Gov. J.B. Pritzker’s handling of the coronavirus pandemic is among the chief criticisms lobbed by the Republicans engaged in a divisive primary battle that will decide who will take on the Democrat come November.
One of the leading candidates, state Sen. Darren Bailey, has made a name for himself fighting Pritzker’s executive orders requiring masks in places like theaters, stores and schools.
His campaign said Bailey’s stance on masking has been “consistent” despite a policy at his family business that could be viewed as contradictory to his public anti-masking message. According to federal documents, face coverings are required for certain workers at the Bailey Family Farm, of which he is registered as a trustee.
In May 2020, when state legislators met in person for the first time since the start of the pandemic, Bailey refused to abide by Illinois House rules that required anyone in the chambers — moved temporarily to a Springfield convention hall for social distancing purposes — to don a mask.
His colleagues voted to remove him from the proceedings, and Bailey was walked out by security.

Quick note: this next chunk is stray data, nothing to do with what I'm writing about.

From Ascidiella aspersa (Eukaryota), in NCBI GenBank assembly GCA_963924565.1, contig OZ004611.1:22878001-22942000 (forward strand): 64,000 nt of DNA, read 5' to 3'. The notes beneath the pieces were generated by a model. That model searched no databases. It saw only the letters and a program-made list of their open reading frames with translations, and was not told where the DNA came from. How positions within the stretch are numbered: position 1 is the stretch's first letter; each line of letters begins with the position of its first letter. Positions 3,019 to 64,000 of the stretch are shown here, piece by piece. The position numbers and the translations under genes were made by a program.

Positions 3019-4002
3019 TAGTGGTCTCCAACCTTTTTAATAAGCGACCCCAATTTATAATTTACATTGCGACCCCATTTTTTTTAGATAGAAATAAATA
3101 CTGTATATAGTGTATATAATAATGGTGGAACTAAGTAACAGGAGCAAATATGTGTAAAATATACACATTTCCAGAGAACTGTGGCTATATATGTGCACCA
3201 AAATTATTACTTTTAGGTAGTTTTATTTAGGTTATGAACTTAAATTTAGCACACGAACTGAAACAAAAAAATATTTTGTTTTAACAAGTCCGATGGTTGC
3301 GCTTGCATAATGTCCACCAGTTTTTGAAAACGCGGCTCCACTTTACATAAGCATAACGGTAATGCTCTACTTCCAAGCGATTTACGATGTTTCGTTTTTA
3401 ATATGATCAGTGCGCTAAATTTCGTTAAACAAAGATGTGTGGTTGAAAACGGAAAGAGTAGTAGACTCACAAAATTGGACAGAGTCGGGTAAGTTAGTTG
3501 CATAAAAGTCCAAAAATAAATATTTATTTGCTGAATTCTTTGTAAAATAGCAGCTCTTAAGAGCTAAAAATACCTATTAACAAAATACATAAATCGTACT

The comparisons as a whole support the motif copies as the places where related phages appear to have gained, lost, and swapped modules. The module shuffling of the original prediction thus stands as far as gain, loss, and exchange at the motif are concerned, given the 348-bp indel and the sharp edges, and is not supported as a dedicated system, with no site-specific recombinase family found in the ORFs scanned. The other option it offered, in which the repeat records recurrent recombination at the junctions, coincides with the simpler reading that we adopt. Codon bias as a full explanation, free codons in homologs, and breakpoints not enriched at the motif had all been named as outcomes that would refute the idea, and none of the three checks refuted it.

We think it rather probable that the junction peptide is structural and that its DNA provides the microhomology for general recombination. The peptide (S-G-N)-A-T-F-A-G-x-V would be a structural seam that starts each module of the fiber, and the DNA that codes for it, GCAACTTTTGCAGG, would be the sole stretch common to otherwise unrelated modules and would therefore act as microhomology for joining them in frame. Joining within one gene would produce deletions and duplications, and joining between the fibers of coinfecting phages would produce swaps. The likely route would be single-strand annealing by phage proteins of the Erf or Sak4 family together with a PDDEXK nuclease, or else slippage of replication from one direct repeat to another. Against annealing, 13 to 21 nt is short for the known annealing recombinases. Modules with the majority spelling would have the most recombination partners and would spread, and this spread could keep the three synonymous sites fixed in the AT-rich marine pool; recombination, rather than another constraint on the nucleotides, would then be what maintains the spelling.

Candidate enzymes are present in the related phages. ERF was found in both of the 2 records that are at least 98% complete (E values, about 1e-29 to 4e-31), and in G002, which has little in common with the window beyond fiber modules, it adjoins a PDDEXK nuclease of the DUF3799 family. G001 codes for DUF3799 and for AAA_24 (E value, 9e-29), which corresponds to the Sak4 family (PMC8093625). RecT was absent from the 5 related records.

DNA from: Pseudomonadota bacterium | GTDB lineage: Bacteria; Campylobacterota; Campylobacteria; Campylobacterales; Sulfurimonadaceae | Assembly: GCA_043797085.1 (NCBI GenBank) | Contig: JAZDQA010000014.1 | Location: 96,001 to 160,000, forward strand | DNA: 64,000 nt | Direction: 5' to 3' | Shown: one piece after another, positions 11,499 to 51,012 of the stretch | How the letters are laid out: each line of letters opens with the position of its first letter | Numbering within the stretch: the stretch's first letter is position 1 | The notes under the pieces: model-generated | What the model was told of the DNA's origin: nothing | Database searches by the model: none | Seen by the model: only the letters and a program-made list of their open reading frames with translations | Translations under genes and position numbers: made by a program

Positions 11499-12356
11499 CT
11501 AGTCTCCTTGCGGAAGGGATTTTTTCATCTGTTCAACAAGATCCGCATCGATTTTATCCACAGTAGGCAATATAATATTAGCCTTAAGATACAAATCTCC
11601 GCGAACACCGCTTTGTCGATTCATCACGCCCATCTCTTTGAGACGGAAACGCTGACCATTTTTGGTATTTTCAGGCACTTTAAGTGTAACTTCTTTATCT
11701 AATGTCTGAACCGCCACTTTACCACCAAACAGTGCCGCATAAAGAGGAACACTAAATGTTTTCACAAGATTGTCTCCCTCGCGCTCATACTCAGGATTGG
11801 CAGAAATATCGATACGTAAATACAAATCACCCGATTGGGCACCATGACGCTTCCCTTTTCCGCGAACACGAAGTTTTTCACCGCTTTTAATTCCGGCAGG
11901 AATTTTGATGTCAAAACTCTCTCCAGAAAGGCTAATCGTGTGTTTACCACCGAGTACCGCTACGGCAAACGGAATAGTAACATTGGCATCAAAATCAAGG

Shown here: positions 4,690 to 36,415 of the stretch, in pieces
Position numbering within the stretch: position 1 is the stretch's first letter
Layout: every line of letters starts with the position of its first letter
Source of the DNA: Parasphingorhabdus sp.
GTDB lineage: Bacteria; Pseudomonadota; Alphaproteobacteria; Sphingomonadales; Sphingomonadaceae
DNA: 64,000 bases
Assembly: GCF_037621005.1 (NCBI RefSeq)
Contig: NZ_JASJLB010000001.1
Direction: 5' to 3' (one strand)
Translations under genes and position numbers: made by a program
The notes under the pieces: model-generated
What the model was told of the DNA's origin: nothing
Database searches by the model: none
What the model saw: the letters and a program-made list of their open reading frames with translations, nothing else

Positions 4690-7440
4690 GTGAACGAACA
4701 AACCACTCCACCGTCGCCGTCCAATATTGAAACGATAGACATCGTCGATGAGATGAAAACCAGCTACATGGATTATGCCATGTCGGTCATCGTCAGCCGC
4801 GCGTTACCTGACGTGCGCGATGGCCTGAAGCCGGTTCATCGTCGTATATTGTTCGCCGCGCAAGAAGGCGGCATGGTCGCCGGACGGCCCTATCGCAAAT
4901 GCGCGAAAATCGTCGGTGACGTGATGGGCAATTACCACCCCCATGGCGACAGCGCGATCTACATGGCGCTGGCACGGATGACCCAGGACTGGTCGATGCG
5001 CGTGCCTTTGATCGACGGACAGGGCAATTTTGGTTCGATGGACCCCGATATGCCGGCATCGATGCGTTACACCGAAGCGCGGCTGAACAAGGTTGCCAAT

A grassroots group held a “Reopen Illinois” rally that day; some attendees carried “Bailey for Governor” signs.
At the time, Bailey said he was focused on his job as a lawmaker, not running for statewide office.
Political scientist Chris Mooney says it was a politically-savvy move.
“It’s not like they’re gonna hog tie him and throw him down on the ground,” Mooney said. “But it was noted, you guys in the press noted it. Suddenly he gets a little pop. Fits in with the base that he’s trying to appeal to.”
Bailey has since worn his mask without issue in the capitol, as was usually required over the past two years.
Monday night at a GOP candidates’ forum in Washington, Illinois, Bailey boasted about his 2020 mask protest.
“I was the only person that stood up and escorted out of the General Assembly. I’ve been standing up and pushing back and trying to educate parents from day one to take back your schools. When we allow government to get out of control, we lose our freedoms,” Bailey said, to applause from the crowd.
Bailey has been party to lawsuits seeking to strike down COVID mandates, and has often railed against the statewide nature of masking and closure orders.
“I understand and acknowledge that things are much different in Chicago. I get that because there’s a lot more people up in the northern part of the state,” Bailey said in July 2020. “But when you live down here in southeast Illinois like I do, and you see this — you don’t see much happening but yet you see businesses failing, you get called consistently from hospitals who are hurting and laying people off, and then you realize something’s wrong and we need to treat thing a little bit differently in different parts of the state.”